But how about for an RV? Even though you're starved for space, a couple of things make a small top-loader really convenient. Think about this -- Do you already use a camping cooler in your RV to store your drinks and stuff?

If you don't find that inconvenient to use, then small top-loading refrigerator (or a few of them) should be just as convenient. For a permanent installation, a good place might be under the fold-down "sofa" seats. You could even make a sofa out of the refrigerator! While it may seem a hassle to tell your buddy to get off the couch so you can check the fridge... honestly, how many times do you have to tell someone to get off the cooler so you can get a drink. Same thing, right?

Maybe you're wondering if a little fridge under the flip-down couch seats will give you enough fridge space. Well, how much space do you actually use? A good experiment might be to see how many coolers you need in order to store all the food you need for the next trip. Maybe you're camping with a family, and you find that a few coolers isn't enough, no matter how well you pack it... So you're kinda "stuck" with the big one you already have. But with some creativity maybe you can think up a handy way to keep the cold in when you open it -- maybe some kind of insulated "chest of drawers" design or even some of those clear plastic strips like they have in the back of the grocery store.

pot-in-pot refrigerator

Zeer Pot (Pot-in-Pot Evaporative Refrigerator)

But consider this: There are actually great ways to keep your food cool that don't require any non-renewable power at all. There's even an evaporative cooling device called a Zeer Pot that can chill food down near normal refrigeration temperatures in dry climates using nothing but water. Or if you're not living near the desert, maybe you can just use a modified camp cooler to handle the less critical stuff. Though making ice takes electricity, simply replacing a reusable blue ice pack in a super-insulated cooler every few days could really cut your energy costs.

So the question becomes...Is it possible that much of your fridge space is taken up foods that require only minimal cooling rather than full refrigeration?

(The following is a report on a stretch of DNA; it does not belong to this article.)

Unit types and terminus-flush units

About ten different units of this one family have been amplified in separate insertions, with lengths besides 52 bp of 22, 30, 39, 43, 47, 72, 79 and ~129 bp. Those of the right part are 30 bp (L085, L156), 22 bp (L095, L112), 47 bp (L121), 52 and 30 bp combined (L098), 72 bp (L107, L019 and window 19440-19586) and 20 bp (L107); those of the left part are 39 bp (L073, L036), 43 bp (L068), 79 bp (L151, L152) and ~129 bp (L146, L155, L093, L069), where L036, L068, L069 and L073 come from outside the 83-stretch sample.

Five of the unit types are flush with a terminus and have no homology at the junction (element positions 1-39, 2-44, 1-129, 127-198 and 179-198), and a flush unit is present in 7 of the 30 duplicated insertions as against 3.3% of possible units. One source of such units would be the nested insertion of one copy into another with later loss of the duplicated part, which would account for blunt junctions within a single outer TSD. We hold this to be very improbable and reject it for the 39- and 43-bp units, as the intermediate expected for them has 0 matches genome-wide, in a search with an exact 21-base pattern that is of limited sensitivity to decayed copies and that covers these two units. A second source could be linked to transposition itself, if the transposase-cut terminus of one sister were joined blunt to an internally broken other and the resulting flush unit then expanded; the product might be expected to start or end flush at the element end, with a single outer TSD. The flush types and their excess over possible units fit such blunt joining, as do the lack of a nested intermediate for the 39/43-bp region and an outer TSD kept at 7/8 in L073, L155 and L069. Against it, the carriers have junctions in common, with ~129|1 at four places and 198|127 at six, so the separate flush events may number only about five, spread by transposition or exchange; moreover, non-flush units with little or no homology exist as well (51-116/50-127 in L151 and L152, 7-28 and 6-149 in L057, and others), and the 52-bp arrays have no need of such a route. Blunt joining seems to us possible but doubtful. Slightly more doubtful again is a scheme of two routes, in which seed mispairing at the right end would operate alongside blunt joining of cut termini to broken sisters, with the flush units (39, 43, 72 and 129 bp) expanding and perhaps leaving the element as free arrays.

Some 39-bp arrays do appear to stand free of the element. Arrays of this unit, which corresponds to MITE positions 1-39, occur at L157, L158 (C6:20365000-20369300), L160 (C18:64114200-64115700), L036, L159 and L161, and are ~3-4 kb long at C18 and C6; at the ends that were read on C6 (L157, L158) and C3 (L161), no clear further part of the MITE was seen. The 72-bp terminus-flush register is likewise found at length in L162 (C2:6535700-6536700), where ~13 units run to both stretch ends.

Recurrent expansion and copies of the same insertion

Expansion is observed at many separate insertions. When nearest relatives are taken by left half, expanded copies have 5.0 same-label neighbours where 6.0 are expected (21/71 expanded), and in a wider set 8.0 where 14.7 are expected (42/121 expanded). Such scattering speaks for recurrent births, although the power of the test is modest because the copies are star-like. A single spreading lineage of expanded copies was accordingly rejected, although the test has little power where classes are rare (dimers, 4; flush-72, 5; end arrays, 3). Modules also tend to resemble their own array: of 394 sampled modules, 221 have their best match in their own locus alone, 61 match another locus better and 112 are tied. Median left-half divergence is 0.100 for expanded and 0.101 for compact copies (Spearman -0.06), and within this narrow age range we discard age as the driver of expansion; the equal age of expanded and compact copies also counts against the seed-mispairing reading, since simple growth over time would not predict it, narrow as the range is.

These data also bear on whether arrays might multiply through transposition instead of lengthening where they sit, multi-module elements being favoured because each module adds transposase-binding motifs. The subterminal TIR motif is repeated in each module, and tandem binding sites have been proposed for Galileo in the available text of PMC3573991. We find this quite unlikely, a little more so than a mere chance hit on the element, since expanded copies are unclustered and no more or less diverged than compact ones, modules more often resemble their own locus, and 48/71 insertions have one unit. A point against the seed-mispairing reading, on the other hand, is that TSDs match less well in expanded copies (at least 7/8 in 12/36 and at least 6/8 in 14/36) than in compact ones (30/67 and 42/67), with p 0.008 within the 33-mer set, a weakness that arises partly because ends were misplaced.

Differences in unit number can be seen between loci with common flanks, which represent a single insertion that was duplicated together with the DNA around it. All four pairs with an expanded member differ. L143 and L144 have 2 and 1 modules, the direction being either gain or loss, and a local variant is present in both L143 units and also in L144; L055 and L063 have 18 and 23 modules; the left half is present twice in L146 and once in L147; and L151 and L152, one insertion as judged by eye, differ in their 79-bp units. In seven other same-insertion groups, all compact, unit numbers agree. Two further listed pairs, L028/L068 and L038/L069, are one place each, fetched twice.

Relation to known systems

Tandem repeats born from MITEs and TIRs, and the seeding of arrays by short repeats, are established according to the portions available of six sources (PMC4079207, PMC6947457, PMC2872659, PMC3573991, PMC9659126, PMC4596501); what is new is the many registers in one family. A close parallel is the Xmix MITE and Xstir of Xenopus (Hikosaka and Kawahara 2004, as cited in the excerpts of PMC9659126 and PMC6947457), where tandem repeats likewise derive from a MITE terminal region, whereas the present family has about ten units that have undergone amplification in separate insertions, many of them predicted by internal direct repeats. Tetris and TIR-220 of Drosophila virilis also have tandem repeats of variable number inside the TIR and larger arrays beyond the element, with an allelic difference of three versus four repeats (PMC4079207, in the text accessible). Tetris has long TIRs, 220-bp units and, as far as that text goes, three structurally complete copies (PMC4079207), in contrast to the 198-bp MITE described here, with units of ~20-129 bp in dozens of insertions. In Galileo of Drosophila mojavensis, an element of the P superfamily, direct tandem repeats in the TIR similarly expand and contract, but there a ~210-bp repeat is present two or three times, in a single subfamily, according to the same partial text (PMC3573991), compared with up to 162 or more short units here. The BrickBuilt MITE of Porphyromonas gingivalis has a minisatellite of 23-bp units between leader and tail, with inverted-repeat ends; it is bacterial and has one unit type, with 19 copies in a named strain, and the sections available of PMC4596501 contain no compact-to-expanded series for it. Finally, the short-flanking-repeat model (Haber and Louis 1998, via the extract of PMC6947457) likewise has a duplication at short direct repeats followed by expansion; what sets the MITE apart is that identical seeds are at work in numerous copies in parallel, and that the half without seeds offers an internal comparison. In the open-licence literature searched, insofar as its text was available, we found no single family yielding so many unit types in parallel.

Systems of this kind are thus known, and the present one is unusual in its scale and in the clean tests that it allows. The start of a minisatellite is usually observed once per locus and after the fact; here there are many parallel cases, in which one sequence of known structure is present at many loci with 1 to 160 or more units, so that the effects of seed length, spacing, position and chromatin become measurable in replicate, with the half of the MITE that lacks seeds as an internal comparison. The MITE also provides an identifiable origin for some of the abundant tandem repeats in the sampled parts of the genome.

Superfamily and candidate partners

While meats, dairy products, and cooked and processed foods will typically need full refrigeration below the FDA's easy-to-remember upper limit of 40°F (4°C), many raw fruits and vegetables don't require more than light refrigeration to stay crisp. (Just remember to wash them thoroughly as usual.) Many condiments, jam, salted butter, oils, and hard cheeses can also do fine with light "cooling." Check out this article for inspiration: 7 Foods That Can Survive Outside The Fridge.

Once you've (hopefully) downsized your full-refrigeration needs and moved some of it to a simple cooler, you can think about designing a more efficient refrigerator.

make gasoline from wood

Did you know you can make your own gasoline from wood?

Not much, mind you -- and I wouldn't advocate chopping down trees to do it! But as a education exercise, MrTeslonian shows you in this video series how one can inexpensively turn dead wood into refined gas that can run a car by capturing all the fuel gases in the form of crude oil and refining into whatever "fossil fuel" you like. Totally fascinating!

I don't totally understand everything going on in these videos, but I do know a bit about wood gasification, because I use a homemade wood-gasifying cook stove for most of my meals when I'm out boondocking. Many people don't realize that when you start a campfire, you don't actually "burn wood" -- you're actually burning the gases released from the wood when it's heated. In a gasifier stove, you can actually separate the combustion process, heating the wood and burning the gases separately, so that you can have a clean-burning wood stove that works just like cooking on a propane stove. (My DIY stove is a tin-can knock-off of the SoloStove, which is a top-grade wood gasifier made for backpackers, that allows you to have a blazing hot cooking fire using ordinary twigs for free fuel.)

So basically, an easy way to summarize this gas-making experiment is that he's heating up the wood to release the gas, then collect it instead of burning it.

wood gas car

Wood-Gas El Camino - It runs on firewood

As a matter of fact, it's totally possible to grab this entire experiment and funnel it directly into your car engine in real-time (provided you have the right type of engine) to make a wood-gas car. Apparently after the Second World War, almost every vehicle in Europe was converted to run on firewood! And now with gas prices up, more people are re-discovering and developing this old technology again.